But Walker isn't really budging from his radically right wing position.
To get reelected, grand illusionist Scott Walker is again saying he's trying to repair a problem Republicans in DC created, with his reinsurance plan, at the same time sending his AG out with a lawsuit to repeal the ACA...crazy right? That's what makes this a temporary election year ploy:
Reinsurance: What is it? A reinsurance fund helps insurance companies pay high-cost medical claims, to try to reduce premiums for everyone. In 2014 to 2016, the Affordable Care Act marketplace had temporary federal reinsurance, designed to stabilize premiums in the early years of the marketplace...premiums went up an average of 38 percent for the 225,000 Wisconsin residents.
"State" Reinsurance Con Game: It only looks like Walker is asking for the reinsurance funding Congress just stopped in its tracks. Here's the con: the "state" reinsurance program requires three fourths of money coming from Trump ($150 million)...so don't hold your breath. But it might get Walker votes and reelected.
What Walker is doing is setting up a move to bring back the states failed high-risk pools. Back in 2017...
Gov. Scott Walker, as part of his election-year health care plan, asked the state Senate to pass a pre-existing conditions bill approved by the Assembly in June amid some political maneuvering.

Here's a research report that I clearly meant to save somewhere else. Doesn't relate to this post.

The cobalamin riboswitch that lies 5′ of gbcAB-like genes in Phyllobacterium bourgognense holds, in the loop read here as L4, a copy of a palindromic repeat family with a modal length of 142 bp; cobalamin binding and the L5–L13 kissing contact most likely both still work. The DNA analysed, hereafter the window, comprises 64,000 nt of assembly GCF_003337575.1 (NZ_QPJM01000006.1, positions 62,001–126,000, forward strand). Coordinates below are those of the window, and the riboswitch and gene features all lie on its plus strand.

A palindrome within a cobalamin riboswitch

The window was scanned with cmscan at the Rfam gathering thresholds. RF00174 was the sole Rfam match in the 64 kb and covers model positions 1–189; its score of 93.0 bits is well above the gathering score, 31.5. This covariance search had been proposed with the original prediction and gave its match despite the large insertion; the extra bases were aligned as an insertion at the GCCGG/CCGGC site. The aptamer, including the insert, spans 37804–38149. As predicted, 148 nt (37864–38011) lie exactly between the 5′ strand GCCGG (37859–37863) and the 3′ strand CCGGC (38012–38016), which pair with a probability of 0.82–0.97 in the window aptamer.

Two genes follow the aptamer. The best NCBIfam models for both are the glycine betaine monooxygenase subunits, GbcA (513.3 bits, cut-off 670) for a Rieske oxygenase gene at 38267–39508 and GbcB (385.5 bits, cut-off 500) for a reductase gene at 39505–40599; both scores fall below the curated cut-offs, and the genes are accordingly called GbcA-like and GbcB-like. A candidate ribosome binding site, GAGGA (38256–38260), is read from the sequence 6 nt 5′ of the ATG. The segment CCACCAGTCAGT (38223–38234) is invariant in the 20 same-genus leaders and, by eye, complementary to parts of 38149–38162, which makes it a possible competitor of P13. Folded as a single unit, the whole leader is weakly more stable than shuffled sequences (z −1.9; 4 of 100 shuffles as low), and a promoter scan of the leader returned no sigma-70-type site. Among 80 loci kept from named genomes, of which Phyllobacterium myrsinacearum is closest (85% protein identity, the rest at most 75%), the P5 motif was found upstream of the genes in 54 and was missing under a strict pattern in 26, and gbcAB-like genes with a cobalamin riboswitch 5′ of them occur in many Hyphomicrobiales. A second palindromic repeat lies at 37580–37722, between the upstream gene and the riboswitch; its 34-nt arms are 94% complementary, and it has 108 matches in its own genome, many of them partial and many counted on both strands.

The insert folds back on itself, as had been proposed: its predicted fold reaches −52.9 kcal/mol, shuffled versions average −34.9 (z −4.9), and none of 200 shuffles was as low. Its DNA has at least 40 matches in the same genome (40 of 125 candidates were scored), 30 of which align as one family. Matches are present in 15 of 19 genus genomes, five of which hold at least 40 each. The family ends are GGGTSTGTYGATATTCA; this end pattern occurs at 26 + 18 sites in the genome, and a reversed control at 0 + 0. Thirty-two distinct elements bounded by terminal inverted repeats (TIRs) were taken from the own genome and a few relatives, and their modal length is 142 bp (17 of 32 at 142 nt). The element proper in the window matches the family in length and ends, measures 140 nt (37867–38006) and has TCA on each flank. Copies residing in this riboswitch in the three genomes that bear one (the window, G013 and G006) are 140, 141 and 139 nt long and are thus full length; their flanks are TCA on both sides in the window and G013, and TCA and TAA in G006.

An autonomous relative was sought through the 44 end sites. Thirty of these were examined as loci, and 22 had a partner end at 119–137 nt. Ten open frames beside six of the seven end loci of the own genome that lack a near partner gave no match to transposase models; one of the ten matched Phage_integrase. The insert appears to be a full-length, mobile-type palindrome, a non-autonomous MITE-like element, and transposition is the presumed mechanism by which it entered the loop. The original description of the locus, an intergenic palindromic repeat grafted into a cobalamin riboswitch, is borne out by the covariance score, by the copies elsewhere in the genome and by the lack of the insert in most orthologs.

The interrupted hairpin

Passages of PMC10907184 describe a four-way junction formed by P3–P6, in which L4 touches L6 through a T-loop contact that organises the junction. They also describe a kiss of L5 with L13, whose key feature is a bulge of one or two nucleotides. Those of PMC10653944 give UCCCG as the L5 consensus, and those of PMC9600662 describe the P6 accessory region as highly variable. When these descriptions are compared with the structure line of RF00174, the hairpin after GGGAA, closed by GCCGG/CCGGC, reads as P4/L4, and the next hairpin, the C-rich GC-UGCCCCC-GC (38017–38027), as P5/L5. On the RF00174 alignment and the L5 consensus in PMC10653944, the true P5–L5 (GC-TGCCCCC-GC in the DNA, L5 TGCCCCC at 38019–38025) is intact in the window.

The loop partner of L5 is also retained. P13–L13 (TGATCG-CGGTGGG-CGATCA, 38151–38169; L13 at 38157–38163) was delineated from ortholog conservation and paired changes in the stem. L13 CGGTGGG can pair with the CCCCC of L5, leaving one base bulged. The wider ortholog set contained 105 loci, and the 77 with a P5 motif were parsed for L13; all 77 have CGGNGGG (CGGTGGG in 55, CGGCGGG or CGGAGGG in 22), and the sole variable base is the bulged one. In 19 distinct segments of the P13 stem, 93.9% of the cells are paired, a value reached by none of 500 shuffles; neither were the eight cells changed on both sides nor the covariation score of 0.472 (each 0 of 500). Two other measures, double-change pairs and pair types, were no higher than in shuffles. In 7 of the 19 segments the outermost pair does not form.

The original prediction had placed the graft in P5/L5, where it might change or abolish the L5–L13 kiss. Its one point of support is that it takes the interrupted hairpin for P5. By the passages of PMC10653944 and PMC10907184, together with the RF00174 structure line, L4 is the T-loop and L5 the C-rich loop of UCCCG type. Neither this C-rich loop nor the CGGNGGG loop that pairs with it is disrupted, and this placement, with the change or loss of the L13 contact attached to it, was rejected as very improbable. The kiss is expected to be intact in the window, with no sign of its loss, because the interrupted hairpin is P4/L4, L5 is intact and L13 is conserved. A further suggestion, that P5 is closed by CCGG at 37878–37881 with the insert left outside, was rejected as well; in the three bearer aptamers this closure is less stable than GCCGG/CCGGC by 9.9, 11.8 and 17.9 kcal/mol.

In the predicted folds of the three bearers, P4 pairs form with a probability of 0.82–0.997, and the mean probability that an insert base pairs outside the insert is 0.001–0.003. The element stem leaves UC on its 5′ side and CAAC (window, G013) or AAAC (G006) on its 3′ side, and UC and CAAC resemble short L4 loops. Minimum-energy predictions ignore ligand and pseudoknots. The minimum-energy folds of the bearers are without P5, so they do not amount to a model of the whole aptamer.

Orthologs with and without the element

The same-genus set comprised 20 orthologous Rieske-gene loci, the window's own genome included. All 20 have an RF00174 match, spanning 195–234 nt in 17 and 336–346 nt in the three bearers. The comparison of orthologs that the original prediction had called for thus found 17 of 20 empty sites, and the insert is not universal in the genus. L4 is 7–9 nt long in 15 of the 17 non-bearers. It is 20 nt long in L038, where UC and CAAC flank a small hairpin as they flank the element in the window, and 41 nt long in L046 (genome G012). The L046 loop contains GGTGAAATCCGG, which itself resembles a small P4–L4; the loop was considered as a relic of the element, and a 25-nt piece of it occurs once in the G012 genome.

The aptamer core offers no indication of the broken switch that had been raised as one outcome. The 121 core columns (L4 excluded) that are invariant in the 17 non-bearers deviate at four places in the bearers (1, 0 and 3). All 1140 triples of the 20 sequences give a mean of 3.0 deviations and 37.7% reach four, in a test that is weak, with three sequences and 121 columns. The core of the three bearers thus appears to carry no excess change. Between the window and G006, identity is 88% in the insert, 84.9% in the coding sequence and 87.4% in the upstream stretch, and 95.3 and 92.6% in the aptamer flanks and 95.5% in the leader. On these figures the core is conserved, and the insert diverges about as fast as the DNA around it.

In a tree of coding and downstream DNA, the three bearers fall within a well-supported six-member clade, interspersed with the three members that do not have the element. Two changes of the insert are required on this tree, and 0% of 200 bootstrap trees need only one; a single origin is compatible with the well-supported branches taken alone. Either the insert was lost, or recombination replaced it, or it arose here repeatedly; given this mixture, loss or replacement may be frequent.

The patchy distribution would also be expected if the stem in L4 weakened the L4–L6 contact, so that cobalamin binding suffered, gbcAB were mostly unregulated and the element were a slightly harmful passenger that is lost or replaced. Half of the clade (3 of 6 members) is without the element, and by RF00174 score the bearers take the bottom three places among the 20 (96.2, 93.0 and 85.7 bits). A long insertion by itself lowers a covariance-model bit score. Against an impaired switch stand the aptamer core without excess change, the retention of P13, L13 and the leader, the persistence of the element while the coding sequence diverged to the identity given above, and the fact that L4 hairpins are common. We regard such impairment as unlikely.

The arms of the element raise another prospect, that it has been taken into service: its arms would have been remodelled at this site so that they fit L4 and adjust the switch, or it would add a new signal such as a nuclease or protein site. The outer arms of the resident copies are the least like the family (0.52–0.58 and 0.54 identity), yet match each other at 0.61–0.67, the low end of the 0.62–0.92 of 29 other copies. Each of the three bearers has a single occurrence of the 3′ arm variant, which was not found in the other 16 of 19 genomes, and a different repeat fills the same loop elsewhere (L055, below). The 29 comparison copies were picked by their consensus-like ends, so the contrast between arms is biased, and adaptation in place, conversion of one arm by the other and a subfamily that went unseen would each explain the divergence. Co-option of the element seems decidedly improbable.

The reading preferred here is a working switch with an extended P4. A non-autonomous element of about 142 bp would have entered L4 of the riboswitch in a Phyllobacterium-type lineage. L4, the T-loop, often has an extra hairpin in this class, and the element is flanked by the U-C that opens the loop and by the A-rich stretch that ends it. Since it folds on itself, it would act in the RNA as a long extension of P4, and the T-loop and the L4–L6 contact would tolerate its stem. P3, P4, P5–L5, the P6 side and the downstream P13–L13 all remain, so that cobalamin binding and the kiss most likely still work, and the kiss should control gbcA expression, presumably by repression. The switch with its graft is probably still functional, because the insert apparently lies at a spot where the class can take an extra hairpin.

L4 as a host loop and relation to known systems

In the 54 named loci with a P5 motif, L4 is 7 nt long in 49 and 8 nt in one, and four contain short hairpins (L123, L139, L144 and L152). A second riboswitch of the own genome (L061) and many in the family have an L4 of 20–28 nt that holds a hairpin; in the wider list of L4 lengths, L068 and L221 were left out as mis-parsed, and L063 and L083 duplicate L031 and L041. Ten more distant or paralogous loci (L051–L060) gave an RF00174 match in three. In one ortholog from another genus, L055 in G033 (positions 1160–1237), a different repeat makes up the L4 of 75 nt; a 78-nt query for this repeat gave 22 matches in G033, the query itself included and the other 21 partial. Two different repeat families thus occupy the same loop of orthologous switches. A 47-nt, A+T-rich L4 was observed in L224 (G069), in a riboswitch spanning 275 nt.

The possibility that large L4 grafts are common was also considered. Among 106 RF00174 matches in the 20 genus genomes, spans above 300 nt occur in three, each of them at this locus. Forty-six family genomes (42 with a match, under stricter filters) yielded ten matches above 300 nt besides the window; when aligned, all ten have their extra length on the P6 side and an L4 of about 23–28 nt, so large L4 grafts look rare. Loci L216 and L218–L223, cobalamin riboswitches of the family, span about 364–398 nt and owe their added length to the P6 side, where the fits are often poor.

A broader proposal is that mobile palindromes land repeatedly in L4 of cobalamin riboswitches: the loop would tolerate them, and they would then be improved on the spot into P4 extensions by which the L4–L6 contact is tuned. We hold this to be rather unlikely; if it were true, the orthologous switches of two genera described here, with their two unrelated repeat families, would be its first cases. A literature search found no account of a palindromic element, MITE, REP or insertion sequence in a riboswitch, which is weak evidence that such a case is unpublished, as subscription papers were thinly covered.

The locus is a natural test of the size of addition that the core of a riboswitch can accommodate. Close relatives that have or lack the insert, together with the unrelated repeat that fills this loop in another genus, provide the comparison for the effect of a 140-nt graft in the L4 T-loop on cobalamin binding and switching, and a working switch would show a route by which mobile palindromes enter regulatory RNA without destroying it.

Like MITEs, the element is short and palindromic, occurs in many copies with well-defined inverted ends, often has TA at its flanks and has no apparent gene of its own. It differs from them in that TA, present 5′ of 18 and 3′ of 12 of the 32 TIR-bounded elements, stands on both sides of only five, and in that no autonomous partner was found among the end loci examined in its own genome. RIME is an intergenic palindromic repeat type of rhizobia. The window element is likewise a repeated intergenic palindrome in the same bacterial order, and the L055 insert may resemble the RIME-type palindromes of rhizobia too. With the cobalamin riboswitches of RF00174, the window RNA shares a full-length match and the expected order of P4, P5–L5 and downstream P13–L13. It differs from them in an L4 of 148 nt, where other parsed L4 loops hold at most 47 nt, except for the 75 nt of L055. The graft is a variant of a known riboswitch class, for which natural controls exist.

What’s the debate? The original bill, introduced by Democrats, banned lifetime caps on health insurance, which the Affordable Care Act also prohibits. Republicans stripped out that wording and inserted their own language. The new bill requires insurers to cover people with pre-existing conditions but allows the state insurance commissioner to alter protections, possibly by re-establishing a high-risk pool for such people. The bill is now in the Senate, where Sen. Jon Erpenbach, D-Middleton, introduced an amendment to remove the insurance commissioner provision.
Without the insurance commissioner, no high risk pools or lifetime caps. But nothing is stopping Republicans from passing this. So it's back to the way it was. Keep in mind, high risk pools are funded by you and me, taxpayer dollars. How effective was it? :
Wisconsin's high-risk pool insured about 21,000 people, with critics saying high prices kept tens or hundreds of thousands of others from accessing it. Those applying for the program had to wait six months before they were allowed into it and a lifetime cap of $2 million. Health Insurance Risk Sharing Plan lost $6.9 million in 2011, roughly a third of which was offset by a federal grant, according to the Wisconsin Legislative Fiscal Bureau. The same year, programs in the 35 states lost a total of at least $272 million.Here's the GOP health care reform scam:
The plan includes $10 billion per year in “state innovation grants,” which are a version of high-risk pools to help sick people get coverage and stabilize premiums but appear to allow for a broader array of uses for the money by states. Prior to the passage of the Affordable Care Act, however, many of these state plans ended up being so expensive, because they covered only sick patients, that they had to cap enrollment.Also check this article out as well: